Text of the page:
A woman who said evangelist Tony Alamo had sexually abused her since she was 8 acknowledged to jurors Friday that she hates him, but said the reason she agreed to testify was because she is afraid he will molest her little sister.

Weeping on the stand, the 18-year-old woman said she contacted the FBI after hearing from others that her sibling's voice might be on an audiotape distributed to Alamo's followers. She did not say her sister's age.

"You hate Tony, don't you?" defense lawyer Phillip Kuhn said. "You want your revenge, don't you?"

"Yes," the woman responded, adding, "I don't want him to hurt anyone else. I don't want him to touch my little sister."

The woman testified Thursday that she was "married" to Alamo at age 8 and that he started having sex with her a year later, when she was in the third grade.

Alamo, 74, is accused of taking young girls across state lines for sex. He has pleaded not guilty and defense lawyers claim the government has targeted him for prosecution because of his religious belief. Alamo, who has said the Vatican is behind his troubles, could spend the rest of his life in prison if convicted.

A series of women have testified since Wednesday that Alamo "married" them while they were underage and that he either raped them or sexually assaulted them. The Associated Press generally does not identify those who say they were victims of sex crimes.

While cross-examining the woman who had been the 8-year-old "bride," Kuhn had questioned why, if Alamo had taken explicit photos of the girl around the time of their marriage — as she testified a day earlier — no child pornography was found during last year's raid on Alamo's compound.

The woman said Alamo was "paranoid" and often sliced up such pictures into tiny pieces.

"We had to vacuum the floor for all the little pieces he missed," she said.

She also said that her parents, who are key Alamo deputies, interfered with her attempt to enter foster care after she escaped the compound by telling New Mexico authorities she was a liar.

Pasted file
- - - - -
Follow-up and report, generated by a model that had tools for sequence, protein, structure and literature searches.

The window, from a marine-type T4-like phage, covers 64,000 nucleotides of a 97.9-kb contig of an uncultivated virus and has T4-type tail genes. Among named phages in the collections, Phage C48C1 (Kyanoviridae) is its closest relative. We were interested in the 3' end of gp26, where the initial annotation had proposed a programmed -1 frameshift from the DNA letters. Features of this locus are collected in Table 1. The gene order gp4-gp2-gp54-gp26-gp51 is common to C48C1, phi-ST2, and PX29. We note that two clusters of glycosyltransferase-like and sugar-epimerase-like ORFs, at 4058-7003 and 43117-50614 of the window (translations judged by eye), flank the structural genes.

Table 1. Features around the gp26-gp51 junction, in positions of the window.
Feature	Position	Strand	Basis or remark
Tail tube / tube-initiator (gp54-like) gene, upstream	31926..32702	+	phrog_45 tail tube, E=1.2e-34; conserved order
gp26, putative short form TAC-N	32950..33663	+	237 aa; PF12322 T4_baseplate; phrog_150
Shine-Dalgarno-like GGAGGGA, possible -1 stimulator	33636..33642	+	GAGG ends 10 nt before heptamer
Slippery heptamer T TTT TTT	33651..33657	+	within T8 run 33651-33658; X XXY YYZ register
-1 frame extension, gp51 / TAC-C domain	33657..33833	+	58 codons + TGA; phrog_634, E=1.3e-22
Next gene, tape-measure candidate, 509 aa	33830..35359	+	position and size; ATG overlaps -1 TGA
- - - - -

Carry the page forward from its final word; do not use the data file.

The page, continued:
"What are they going to do when my parents say nothing ever happened and I was a liar?" the woman told Kuhn during cross-examination.

As a group, the women who have testified have also told how Alamo ruled the compound, with little going on without his direct approval. The witness Friday said she had been beaten.

"I felt the strength of the board. I felt it on my leg. I didn't like how it felt," she said.

The defense team has largely avoid direct confrontations with the witnesses, choosing instead to question whether their stories were rehearsed.

The witness Friday acknowledged that she was in a counseling center that caters to former cult members at the same time as two other prosecution witnesses. She also said the group had dinner with FBI agents recently but were told not to discuss their stories.

She also said that FBI agents and prosecutors had given her gifts since she stepped forward: an $80 Wal-Mart gift card, balloons and flowers on her birthday and a Valentine's Day-themed blanket when she was having a rough time. The FBI also provided her with a cell phone so they could keep in touch with her.

Friday's witness also said she was born in a home, not a hospital, and that there was no proof of her birth until after last year's raid.

"Did you have any record, such as a birth certificate or a Social Security number, to prove that you existed?" Assistant U.S. Attorney Kyra Jenner asked.

"No," she said.

The woman said she hopes to enter college and perhaps one day become a federal agent. At that, Alamo became very animated, sitting upright in his chair and leaning in to talk to his lawyers.

If convicted, Alamo faces 10 years in prison and a $250,000 fine on each of the 10 counts against him. He is being held without bond.